3. Not performing other business maintenance on a regular basis. When was the last time someone looked at the corporate by-laws or company operating agreement? Are you paying attention to what new labor laws apply as your business grows and adds employees? Your practices and policies need to be in alignment with any governing laws or any controlling documents for the business. Businesses change, sometimes slowly, sometimes quickly. Any major change, such as a large expansion, should prompt an immediate review of what new laws your business might now have to follow. But even if it seems like not much has changed in a while, if you review your legal framework, you might be surprised at what you find.

Risk management requires you actively manage those risks and not ignore them until it is too late. If you have any questions on where to start or need help ensuring you are using favorable contracts and complying with any applicable laws, regulations, or governing documents one of our business attorneys may be able to help.

This blog post is not intended to provide legal advice or substitute for the advice of legal counsel with respect to specific facts and situations. See disclaimer

21
Dec
2021

2022 Criminal Law Mental Health Update

Written by: Bradley Marshall

2022 Criminal Law Mental Health Update

Bradley Marshall will be teaching a continued legal education class on Friday, January 21st, and on Wednesday, March 9th. Both of these dates offer a live webcast and live telephone options. He will go over the new updates effective July 2021, how these changes apply to trial practices, and much more.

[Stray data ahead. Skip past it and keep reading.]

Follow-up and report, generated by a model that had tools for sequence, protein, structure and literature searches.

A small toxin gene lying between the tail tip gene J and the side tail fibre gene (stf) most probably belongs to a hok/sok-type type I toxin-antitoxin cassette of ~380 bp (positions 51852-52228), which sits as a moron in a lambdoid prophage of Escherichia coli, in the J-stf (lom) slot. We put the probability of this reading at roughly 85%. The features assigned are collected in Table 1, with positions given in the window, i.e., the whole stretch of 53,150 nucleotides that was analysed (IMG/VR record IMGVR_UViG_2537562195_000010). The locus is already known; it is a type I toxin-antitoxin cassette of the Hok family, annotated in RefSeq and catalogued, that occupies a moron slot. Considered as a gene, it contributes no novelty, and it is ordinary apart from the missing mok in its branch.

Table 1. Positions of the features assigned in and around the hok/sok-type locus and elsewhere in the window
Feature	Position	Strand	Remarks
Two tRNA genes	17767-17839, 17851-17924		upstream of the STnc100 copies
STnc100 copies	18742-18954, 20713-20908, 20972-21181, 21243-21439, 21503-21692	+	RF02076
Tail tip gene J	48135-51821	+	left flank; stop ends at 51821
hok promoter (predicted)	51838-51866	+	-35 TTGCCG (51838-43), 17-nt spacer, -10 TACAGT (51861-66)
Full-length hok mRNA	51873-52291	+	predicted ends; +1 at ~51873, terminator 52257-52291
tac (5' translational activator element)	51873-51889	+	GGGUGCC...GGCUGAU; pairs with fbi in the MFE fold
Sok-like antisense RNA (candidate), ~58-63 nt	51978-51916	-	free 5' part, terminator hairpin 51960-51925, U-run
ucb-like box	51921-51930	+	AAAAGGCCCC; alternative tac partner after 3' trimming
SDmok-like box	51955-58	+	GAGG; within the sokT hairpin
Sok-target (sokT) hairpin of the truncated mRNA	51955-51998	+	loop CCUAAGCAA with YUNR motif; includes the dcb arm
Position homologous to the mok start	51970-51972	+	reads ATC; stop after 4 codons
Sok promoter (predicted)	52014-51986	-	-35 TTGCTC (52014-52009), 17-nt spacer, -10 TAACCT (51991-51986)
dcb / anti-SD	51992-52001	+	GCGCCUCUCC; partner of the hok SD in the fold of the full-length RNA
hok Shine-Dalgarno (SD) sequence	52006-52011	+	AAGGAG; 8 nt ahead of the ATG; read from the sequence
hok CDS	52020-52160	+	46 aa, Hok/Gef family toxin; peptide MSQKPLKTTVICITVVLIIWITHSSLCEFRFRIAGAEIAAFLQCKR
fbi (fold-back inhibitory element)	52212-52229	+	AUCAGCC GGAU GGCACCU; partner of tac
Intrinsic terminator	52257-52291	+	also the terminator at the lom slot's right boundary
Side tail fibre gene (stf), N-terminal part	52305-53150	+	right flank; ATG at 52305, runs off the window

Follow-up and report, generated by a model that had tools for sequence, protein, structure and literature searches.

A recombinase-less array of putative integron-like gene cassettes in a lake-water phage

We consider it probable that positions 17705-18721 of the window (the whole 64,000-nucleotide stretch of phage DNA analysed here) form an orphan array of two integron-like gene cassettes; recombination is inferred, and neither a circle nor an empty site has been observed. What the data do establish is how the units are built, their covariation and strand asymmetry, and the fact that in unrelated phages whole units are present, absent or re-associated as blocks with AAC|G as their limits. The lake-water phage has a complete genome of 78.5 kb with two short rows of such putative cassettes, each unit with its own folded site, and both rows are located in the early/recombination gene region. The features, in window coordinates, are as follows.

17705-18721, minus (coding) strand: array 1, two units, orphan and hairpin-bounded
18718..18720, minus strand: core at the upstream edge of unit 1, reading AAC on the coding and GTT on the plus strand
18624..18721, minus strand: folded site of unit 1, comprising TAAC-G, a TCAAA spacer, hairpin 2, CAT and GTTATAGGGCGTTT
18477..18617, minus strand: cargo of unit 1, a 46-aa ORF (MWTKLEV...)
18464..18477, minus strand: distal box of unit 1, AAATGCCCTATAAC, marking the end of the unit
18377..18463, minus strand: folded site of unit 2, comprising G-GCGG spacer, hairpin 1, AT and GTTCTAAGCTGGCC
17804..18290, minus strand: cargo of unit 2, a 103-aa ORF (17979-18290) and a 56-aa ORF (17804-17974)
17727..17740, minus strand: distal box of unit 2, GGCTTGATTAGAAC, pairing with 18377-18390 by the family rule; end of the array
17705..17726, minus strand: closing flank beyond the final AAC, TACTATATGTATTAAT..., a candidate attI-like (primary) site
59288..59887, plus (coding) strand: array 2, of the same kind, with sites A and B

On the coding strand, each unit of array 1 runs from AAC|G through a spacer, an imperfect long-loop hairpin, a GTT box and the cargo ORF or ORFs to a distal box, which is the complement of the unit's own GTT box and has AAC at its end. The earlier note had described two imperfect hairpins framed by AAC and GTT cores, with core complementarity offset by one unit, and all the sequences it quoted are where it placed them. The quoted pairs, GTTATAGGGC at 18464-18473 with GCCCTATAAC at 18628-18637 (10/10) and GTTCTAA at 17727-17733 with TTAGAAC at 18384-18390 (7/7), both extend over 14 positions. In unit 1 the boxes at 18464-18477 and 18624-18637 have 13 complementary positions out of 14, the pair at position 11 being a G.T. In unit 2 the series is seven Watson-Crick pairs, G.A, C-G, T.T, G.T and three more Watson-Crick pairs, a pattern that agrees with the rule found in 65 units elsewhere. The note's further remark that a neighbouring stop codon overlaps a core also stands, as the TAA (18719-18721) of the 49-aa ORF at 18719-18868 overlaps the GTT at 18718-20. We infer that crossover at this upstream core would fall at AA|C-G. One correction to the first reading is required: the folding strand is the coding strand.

To sign up go to  Virginia CLE.
The class offers MCLE Credit: 2.0 (Ethics: 1.0)
Live-Interactive Credit: 2.0 (all dates, all formats) Live Interactive MCLE Credit Symbol
Designation Credit: 2.0 Trial Practice/Litigation

This blog post is not intended to provide legal advice or substitute for the advice of legal counsel with respect to specific facts and situations. See disclaimer

17
Dec
2021

City of Manassas Approves Special Use Permit for Building Expansion

Written by: Olaun Simmons

City of Manassas Approves Special Use Permit for Building Expansion

Olaun Simmons of Vanderpool, Frostick & Nishanian, P.C. represented the Prince William Islamic Center in their pursuit of a special use permit to expand their place of worship located on Mathis Avenue. The PWIC, a well-established religious institution in the community for 15 years, has a growing congregation that needs additional space for worship services. The PWIC designed the expansion to include contemporary, high-quality architectural finishes and landscaping facing Mathis Avenue that will help to modernize the look of the Mathis Avenue corridor. On November 3, 2021, the City’s Planning Commission voted unanimously to recommend approval of the special use permit application. On December 13, the City Council voted unanimously to approve PWIC’s special use permit application for the expansion. Olaun was instrumental in helping PWIC successfully navigate the procedural maze often associated with zoning applications.

This blog post is not intended to provide legal advice or substitute for the advice of legal counsel with respect to specific facts and situations. See disclaimer

10
Dec
2021

Freedom of Information Act – How Can We Best Serve the Public?

Written by: Martin Crim

Freedom of Information Act – How Can We Best Serve the Public?